Bitcoin is a digital currency created in January 2009. It follows the ideas set out in a whitepaper by the mysterious and pseudonymous Satoshi Nakamoto. The identity of the person or persons who created the technology is still a mystery. Bitcoin offers the promise of lower transaction fees than traditional online payment mechanisms and, unlike government-issued currencies, it is operated by a decentralized authority.
Bitcoin is a type of cryptocurrency. There is no physical Bitcoin, only balances kept on a public ledger that everyone has transparent access to. All Bitcoin transactions are verified by a massive amount of computing power. Bitcoin is not issued or backed by any banks or governments, nor is an individual Bitcoin valuable as a commodity. Despite it not being legal tender in most parts of the world, bitcoin is very popular and has triggered the launch of hundreds of other cryptocurrencies, collectively referred to as altcoins. Bitcoin is commonly abbreviated as “BTC.”
The Bitcoin system is a collection of computers (also referred to as “nodes” or “miners”) that all run bitcoin’s code and store its blockchain. Metaphorically, a blockchain can be thought of as a collection of blocks. In each block is a collection of transactions. Because all the computers running the blockchain have the same list of blocks and transactions, and can transparently see these new blocks being filled with new bitcoin transactions, no one can cheat the system.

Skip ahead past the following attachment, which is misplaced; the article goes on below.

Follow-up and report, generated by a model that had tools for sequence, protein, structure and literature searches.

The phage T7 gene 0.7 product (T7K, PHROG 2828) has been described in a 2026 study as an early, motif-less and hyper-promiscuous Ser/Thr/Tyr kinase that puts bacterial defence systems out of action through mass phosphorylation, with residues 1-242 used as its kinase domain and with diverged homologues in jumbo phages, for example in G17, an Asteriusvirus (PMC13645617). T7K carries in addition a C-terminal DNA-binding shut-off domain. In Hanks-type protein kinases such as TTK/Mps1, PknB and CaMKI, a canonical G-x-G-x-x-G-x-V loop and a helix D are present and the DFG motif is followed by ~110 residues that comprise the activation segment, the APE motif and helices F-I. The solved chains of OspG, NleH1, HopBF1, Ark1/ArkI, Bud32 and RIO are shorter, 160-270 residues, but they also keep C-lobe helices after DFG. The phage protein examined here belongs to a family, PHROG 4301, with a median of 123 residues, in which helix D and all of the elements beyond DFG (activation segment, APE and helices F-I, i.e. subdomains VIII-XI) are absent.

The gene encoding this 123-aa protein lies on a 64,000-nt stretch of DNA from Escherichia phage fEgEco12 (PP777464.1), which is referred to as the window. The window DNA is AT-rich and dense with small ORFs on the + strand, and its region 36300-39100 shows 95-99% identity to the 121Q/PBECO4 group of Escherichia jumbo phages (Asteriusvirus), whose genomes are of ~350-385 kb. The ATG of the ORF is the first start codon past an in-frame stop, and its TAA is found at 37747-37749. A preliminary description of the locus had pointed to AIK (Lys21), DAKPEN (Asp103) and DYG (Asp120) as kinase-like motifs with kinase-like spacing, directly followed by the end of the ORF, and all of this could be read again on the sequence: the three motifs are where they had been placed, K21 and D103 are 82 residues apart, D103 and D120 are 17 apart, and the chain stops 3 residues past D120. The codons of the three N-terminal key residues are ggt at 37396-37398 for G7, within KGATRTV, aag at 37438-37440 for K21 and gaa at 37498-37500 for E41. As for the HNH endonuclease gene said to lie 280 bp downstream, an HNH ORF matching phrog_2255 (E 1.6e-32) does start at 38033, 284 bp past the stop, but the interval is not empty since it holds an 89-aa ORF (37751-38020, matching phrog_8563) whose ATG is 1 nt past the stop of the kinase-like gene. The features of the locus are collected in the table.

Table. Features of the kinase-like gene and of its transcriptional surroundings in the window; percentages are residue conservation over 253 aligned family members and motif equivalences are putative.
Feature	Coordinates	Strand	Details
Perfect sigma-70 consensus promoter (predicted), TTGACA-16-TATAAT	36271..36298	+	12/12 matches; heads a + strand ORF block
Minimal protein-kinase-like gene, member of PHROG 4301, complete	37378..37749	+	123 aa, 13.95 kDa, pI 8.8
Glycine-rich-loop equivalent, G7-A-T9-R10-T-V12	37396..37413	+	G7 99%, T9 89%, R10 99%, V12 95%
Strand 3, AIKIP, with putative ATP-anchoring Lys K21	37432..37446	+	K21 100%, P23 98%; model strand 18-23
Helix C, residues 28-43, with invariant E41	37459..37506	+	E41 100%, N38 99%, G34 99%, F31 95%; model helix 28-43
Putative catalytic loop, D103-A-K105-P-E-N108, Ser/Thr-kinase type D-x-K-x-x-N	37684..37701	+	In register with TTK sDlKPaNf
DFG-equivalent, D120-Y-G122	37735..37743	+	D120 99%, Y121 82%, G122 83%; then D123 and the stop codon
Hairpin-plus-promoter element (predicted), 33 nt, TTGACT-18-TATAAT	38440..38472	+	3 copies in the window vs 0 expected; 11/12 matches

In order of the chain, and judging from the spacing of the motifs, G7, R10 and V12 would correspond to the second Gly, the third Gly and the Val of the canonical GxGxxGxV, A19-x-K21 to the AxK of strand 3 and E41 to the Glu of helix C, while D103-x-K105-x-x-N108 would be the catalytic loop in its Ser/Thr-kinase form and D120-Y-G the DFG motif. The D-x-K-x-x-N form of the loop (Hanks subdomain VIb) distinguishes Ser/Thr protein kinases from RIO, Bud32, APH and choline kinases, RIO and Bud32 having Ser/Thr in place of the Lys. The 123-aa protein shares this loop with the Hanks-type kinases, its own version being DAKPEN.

Anyone—whether they run a Bitcoin “node” or not—can see these transactions occurring in real-time. To achieve a nefarious act, a bad actor would need to operate 51% of the computing power that makes up Bitcoin. Bitcoin has around 10,000 nodes, as of June 2021, and this number is growing, making such an attack quite unlikely.
But if an attack were to happen, Bitcoin miners—the people who take part in the Bitcoin network with their computers—would likely fork to a new blockchain, making the effort the bad actor put forth to achieve the attack a waste.